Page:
You probably know about the Montessori documentary in the works, Building the Pink Tower—maybe because you read about it on The Montessori Observer here or here, more recently on MontessoriPublic, or on Facebook, or on BPT’s own website, or via their new Indiegogo campaign.
But did you know about the other Montessori documentary in the works, in French, featuring French primary children, speaking adorable French?! I know this betrays an American parochialism, and an exoticizing obsession with cute kids speaking languages other than English, but I think you’ll agree that this is la Montessori la plus mignonne that you will see today:
But cuteness aside, like Building the Pink Tower, Le Maitre Est L’Enfant (The Child is the Teacher) is serious business. The director, Alexandre Mourot, is a a Montessori parent and documentary filmmaker who, like so many others, fell in love with Montessori in his child’s classroom. He started researching in 2014, filming in 2015, and during the summer of 2015 began an AMI 3-6 training course. Filming is now complete, and after self-funding the process up to now, Mourot has launched a crowd-funding effort for post-production and distribution. The campaign bas blown past its first two goals of 50,000 and 100,000 Euros, and is headed for its stretch goal of 160,000, which would allow translation into English and Spanish and foreign distribution.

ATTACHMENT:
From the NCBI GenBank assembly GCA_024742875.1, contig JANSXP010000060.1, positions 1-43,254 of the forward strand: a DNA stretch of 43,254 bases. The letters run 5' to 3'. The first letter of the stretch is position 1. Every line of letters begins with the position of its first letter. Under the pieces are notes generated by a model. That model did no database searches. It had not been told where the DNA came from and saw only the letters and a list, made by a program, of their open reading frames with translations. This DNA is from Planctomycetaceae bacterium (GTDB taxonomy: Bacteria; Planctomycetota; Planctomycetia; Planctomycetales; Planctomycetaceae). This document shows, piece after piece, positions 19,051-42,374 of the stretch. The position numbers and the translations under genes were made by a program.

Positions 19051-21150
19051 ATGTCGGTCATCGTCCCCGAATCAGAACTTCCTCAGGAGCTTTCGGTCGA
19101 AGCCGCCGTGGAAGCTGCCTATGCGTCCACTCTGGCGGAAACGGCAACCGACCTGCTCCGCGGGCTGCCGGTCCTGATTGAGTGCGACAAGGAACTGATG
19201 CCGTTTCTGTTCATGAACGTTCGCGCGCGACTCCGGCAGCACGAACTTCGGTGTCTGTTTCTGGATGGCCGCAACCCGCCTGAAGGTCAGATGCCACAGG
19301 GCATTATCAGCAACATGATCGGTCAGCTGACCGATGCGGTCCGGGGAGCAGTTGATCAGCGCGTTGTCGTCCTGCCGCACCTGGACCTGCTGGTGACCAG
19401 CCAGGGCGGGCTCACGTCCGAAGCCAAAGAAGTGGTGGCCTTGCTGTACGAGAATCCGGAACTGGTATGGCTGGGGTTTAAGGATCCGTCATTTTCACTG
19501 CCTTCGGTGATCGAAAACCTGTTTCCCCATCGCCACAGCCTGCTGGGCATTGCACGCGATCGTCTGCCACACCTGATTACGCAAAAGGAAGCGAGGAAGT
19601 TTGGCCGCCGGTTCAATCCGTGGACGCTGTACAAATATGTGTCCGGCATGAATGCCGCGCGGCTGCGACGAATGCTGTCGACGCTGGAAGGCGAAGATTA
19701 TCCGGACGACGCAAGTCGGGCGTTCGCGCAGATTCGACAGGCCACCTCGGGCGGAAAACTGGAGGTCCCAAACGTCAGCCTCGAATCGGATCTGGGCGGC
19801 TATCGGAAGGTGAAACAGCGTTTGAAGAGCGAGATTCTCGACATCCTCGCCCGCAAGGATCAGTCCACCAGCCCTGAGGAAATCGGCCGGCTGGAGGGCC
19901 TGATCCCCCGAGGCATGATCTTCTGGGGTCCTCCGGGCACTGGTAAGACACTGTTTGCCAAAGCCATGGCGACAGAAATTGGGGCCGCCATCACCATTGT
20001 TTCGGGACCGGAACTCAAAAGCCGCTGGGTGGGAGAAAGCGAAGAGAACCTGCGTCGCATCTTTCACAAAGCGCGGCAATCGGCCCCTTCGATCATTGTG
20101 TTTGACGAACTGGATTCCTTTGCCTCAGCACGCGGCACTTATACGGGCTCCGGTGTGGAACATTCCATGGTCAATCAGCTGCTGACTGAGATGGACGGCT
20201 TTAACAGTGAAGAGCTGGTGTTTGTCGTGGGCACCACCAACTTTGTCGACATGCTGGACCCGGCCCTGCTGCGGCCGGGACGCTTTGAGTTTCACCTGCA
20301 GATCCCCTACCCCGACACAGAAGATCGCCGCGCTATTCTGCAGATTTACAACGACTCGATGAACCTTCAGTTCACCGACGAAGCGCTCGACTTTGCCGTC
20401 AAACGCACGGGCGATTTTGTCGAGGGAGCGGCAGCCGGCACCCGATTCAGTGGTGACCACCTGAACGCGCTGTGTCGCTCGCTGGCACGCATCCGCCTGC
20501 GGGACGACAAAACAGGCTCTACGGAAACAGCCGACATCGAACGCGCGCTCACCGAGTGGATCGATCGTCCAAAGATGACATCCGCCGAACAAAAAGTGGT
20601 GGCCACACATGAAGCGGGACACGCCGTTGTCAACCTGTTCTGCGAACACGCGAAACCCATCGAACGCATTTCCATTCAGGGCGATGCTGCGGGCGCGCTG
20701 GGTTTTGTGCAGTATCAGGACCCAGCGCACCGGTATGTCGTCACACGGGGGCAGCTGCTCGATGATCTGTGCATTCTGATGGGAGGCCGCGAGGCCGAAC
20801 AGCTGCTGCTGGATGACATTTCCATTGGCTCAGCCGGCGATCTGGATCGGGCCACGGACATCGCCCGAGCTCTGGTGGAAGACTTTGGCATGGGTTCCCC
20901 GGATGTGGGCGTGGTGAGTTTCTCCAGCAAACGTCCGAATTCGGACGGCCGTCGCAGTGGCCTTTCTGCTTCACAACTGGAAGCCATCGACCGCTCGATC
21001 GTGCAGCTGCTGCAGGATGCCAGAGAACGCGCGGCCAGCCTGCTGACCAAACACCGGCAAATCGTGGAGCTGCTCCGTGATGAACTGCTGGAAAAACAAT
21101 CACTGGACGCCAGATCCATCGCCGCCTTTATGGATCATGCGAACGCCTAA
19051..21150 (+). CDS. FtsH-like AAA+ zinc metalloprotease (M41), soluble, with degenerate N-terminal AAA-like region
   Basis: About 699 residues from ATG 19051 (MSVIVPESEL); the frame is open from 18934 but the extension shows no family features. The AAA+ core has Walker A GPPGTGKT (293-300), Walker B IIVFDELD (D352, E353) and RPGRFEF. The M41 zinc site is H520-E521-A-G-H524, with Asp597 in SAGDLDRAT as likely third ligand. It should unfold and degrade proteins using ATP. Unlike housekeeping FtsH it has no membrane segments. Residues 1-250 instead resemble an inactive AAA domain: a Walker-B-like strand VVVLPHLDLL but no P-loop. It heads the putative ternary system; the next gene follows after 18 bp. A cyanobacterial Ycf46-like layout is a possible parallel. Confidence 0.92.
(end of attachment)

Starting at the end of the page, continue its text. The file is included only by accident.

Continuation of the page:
And the Montessori? The classroom featured in the film, at L’Ecole Montessori de Roubaix, a Dominican school in Roubaix (a declining industrial suburb of Lille in the north of France), is led by veteran guide Christian Maréchal, who trained with the Dominican sisters in 1992 and took an AMI Primary diploma in 2000. In 2012, he entered the AMI Primary Training of Trainers program, to become a trainer of new AMI teachers. So it’s probably pretty solid
I spoke to Vina Kay and Jan Selby of BPT about the film. They hadn’t heard of it, but they said they didn’t feel threatened by another documentary, even one with adorable French children. “I don’t thin the problem is too much communication about Montessori”, Kay told me. “The more, the merrier.”